Millennial Communication: It's Not All About I.M.

It’s no surprise that Millennials love their technological gadgets—especially in the workplace. In fact, 93% of Millennials cited modern, up-to-date technology as one of the most important features of an office, and 78% said access to technology they like to use makes them more productive. We already know Millennials appreciate a tech-savvy workplace, but we’re less certain of how they prefer to communicate on the job. Perhaps surprisingly, email remains the top method of workplace communication for Millennials, with one-third preferring to ‘press send.’ Although the popular narrative is that Millennials always opt for the latest and greatest in tech, emerging mediums like Slack fell short of email in terms of preference—only 14% of Millennials indicated this and other instant messaging platforms as their #1 choice. But the results vary by the situation.

For instance, the more serious a situation, the more likely Millennials are to say they favor—GASP!—face-to-face communication. That’s right. Despite the common perception that these 20-somethings loathe direct eye contact, they clearly recognize how important it is for specific conversations. For quick questions, feedback, and status updates, Millennials prefer email; but for alerting one’s boss of a serious issue, suggesting a new approach or idea, discussing performance evaluation and compensation, or quitting a job, Millennials consistently chose face-to-face as their ideal method for communicating. And in general, 62% said they preferred in-person meetings with their manager, regardless of the context. Despite this, there is a significant gap between perception and reality. Only 11% of Millennials said they preferred texting or instant messaging to communicate at work, but 46% thought it was their generation’s preference.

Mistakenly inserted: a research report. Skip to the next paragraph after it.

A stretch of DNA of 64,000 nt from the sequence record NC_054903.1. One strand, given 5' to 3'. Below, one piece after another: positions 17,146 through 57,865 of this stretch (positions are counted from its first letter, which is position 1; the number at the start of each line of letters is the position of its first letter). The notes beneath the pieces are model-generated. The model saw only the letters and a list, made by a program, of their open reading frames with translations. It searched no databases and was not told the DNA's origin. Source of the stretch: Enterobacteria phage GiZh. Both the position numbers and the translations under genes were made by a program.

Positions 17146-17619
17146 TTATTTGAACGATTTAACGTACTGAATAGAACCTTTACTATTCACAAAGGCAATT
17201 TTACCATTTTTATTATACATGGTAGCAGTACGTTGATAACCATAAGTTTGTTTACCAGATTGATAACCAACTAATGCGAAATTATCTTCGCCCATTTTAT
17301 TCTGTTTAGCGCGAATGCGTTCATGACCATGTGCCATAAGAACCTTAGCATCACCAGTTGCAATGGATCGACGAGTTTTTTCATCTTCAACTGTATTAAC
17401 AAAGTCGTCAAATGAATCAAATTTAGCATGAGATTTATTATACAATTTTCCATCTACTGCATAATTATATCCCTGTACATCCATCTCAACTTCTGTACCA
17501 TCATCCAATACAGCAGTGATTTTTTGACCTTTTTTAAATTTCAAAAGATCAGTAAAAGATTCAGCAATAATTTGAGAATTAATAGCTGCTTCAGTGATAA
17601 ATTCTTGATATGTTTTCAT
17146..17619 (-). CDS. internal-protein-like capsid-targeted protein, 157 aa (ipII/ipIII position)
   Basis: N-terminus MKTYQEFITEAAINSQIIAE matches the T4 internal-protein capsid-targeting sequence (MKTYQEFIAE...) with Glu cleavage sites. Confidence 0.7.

There are a few reasons why face-to-face communication at work is attractive for Millennials. Oftentimes, in-person conversations are more efficient—we all know the horror of the never-ending email chain to answer one freakin’ question—and the ability to pick up on nonverbal cues means there is less likelihood of a misunderstanding. Ever tried dry humor with a work colleague via text, only to be summoned to a meeting with HR? Yeah, me neither… As one Millennial said, “face-to-face is an easier way to make sure we are on the same page. They raise their eyes, I raise mine; it gives me a better understanding of how they feel about what I’m saying.”

Despite the overall inclination for email and face-to-face communication, other forms of technology are still useful for Millennials in the workplace. Seventy-eight percent of Millennials said collaborating with colleagues on their mobile devices is important, and 90% found mobile messaging to be an effective way to communicate at work. Specifically, 80% of Millennials text with colleagues, 60% text with their boss, and 50% use a phone/tablet for meeting jottings.

Leaders of the workforce, take note! Instead of following the common and somewhat-incorrect myth that Millennials prefer to use technology to communicate in the workplace, let the context of the conversation drive which type of communication to use. Avoiding in-person conversations because of the misconception that Millennials can’t stand chatting could cause this generation of workers to feel disengaged and undervalued, and disengaged Millennials have no qualms about moving on to greener pastures.